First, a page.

The book tells the fictional autobiographical story of Dinah, daughter of Jacob, from the book of Genesis. To be honest, I was unfamiliar with Dinah’s story as I began to read this book, and I think not having prior knowledge was beneficial. I had no preconceived notions of what this story should be or how it should turn out.
The Red Tent begins before Dinah is yet born, introducing her father and her four mothers, and thus setting the stage for the world into which Dinah (and the reader) are welcomed. Soon, Dinah is joining her mothers and the women of her family in the red tent, where she learns about motherhood, being a woman, and eventually, the art of midwifery.
Eventually, Dinah leaves her family to join with her husband, and the events that follow are so shocking and so heart wrenching that, at times, it feels as if it might be difficult to continue reading. But do. Don’t stop. The things ahead for Dinah are great, and it’s fantastic to follow her on her emotional journey as it comes full circle.
The Red Tent by Anita Diamant: Why You Should Read
The Red Tent – 20th Anniversary Edition: A NovelFive Reasons Women Should Read The Red Tent by Anita Diamant:
1. The emotional journey Dinah goes on will speak to your soul.
2. The universal truths Dinah experiences reach across time and boundaries.
3. The experience of Dinah gives a better understanding to motherhood.
4. The story will help you gain a better understanding of what it means to be a woman.
5. The historical perspective will help you to understand what life may have been like for a woman during biblical times.
The Red Tent by Anita Diamant: Dinah’s Story Speaks to Motherhood
This is a powerful story, no doubt, but as a mother, it touches a nerve so deep that I have a hard time putting my feelings into words. As a midwife, Dinah is fortunate to watch a similar miracle—the miracle of birth and the strength of mothers—time and time again. One of my favorite quotes from the book reflected Dinah’s own feelings on becoming a mother as she welcomed her own son into the world. From page 224:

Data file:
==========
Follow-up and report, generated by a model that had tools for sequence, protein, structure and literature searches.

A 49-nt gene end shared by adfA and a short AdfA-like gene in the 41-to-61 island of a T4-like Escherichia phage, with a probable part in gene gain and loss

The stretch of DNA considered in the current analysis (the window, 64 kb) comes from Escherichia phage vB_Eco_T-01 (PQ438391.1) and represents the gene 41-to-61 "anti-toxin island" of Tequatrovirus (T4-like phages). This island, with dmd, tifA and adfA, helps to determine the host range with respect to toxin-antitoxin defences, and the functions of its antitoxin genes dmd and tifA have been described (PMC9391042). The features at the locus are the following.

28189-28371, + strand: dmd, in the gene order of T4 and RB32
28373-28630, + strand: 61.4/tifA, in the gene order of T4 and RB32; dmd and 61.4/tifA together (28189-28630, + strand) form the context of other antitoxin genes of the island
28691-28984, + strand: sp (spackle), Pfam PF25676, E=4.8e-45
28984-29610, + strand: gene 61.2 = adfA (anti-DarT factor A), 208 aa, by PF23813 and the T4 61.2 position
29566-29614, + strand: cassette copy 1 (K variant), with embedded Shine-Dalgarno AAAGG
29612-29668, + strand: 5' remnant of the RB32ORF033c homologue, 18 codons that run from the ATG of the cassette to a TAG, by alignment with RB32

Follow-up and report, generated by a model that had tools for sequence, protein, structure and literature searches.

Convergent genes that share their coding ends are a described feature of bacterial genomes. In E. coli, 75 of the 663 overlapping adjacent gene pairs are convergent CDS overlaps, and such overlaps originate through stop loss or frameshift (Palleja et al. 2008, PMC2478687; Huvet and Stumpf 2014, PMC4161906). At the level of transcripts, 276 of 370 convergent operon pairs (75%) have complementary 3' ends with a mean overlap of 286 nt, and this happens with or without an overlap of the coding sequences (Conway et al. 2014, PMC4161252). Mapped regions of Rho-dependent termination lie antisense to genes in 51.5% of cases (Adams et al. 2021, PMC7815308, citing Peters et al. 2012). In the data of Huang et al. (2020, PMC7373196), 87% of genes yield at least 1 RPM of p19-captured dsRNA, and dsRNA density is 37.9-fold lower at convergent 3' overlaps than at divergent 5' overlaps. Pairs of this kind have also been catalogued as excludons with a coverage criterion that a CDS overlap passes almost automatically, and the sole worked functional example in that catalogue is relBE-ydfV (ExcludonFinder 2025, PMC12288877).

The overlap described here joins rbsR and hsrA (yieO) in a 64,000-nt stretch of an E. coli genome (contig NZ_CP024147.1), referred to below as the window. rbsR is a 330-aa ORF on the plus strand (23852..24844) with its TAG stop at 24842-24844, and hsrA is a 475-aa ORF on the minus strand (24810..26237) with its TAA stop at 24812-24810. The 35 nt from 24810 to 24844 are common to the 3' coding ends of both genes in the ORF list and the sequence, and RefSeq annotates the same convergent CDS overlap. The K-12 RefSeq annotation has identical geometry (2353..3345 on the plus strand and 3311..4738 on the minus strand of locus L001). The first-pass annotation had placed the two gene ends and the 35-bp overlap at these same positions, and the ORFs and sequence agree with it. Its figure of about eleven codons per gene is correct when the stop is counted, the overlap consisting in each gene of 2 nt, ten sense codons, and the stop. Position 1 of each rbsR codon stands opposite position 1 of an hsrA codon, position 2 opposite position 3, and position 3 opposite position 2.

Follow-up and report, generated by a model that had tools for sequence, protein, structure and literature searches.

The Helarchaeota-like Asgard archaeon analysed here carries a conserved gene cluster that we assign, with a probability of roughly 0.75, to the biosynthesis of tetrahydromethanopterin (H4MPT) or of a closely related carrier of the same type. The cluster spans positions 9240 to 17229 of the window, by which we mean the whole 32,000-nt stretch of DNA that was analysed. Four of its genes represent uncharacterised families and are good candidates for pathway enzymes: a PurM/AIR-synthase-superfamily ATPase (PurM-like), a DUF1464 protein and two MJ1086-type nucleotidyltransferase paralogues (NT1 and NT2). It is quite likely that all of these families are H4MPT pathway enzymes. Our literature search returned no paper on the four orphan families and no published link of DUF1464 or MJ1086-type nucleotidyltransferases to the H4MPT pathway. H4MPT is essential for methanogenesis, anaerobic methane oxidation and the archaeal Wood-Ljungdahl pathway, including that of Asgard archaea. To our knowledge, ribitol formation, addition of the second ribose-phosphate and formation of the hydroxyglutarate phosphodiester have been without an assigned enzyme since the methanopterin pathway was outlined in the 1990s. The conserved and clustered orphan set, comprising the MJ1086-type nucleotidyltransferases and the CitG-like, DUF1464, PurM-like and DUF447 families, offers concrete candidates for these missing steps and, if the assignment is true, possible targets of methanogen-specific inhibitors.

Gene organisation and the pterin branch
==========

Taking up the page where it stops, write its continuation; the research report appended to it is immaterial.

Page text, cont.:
“Why had no one told me that my body would become a battlefield, a sacrifice, a test? Why did I not know that birth is the pinnacle where women discover the courage to become mothers? But of course, there is no way to tell this or to hear it.”
Throughout the story, Dinah’s midwifery skills seem to give her a wisdom that is at once relatable and to be respected. By the time the story ends, it’s obvious that Dinah has lived a full, eventful and fulfilling life. The character of Dinah understands the world in a way that, perhaps, many of us have not yet come to understand. Dinah lives in a different time and a different place, but her lessons and her feelings are universal.
In fact, at the end of the story, Diamant shares the following email in her author’s note:
Of course, after finishing The Red Tent, I looked up the biblical story of Dinah online, and I wasn’t surprised to find that it was, of course, more bare bones than the story in this book. Based on the surface reading I did, I was impressed that Anita Diamant had done such a wonderful job of sucking the reader into Dinah’s world and making Dinah such a real character.
“I recently finished your book, The Red Tent, and as a 16-year-old, I have to say you’ve opened my eyes to a new way of thinking about life as a woman, a sister, a daughter, and hopefully, a wife and mother… Your story…connects me to some roots, and I feel a strength coming from the millions of women before me who have experienced and survived adversity, made mistakes, and still live their lives despite it…”
After I pulled out my Bible and read the chapters related to The Red Tent (Genesis 29-34) and was once again impressed by Diamant’s talent and abilities. It just goes to show that some truths — a mother’s love for her children, for example — transcend time.
I definitely would recommend The Red Tent by Anita Diamant. (It’s also been made into a Lifetime TV series, released in 2015.)